A hill is a landform that extends above the surrounding terrain. Hills often have a distinct summit, although in areas with scarp/dip topography a hill may refer to a particular section of flat terrain without a massive summit. The distinction between a hill and a mountain is unclear and largely subjective, but a hill is generally somewhat lower and less steep than a mountain. A hillock is a small hill. Other words include knoll and (in Scotland, Northern Ireland and northern England) its variant, knowe.
There are various specific names used to describe particular types of hill, based on appearance and method of formation. Many such names originated in one geographical region to describe a type of hill formation peculiar to that region, though the names are often adopted by geologists and used in a wider geographical context. These include:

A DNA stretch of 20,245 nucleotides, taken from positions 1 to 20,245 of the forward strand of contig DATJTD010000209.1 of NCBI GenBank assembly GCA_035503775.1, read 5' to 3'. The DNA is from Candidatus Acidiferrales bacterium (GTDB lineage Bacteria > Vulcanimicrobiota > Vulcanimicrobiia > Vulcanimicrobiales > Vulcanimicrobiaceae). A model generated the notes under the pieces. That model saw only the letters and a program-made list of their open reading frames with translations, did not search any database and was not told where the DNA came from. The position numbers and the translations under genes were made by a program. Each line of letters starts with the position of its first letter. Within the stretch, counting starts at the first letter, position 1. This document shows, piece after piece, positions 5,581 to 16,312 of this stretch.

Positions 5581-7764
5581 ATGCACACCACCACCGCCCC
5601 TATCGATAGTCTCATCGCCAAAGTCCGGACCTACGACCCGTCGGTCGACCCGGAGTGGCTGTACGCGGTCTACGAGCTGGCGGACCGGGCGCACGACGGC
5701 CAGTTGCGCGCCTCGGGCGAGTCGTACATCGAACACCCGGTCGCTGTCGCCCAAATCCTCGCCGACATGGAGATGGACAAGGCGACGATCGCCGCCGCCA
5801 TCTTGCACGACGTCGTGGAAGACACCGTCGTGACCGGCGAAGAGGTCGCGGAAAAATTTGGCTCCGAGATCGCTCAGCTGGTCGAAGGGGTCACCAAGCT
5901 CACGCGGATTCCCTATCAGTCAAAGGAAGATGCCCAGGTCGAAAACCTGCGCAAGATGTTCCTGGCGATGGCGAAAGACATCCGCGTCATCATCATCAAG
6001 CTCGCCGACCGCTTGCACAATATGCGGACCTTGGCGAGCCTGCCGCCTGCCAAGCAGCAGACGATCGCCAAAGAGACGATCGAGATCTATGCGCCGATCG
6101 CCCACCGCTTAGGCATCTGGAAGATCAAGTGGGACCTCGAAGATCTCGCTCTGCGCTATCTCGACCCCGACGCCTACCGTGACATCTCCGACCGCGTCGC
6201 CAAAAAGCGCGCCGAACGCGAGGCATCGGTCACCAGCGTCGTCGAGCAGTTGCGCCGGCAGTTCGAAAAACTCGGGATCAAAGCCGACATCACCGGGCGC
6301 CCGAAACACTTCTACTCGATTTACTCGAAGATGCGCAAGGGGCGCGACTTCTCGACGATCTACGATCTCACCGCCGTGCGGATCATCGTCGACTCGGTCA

- Drumlin – an elongated whale-shaped hill formed by glacial action.
- Butte – an isolated hill with steep sides and a small flat top, formed by weathering.
- Tor – a rock formation found on a hilltop; also used to refer to the hill itself.
- Puy – used to describe a conical volcanic hill.
- Pingo – a mound of earth-covered ice.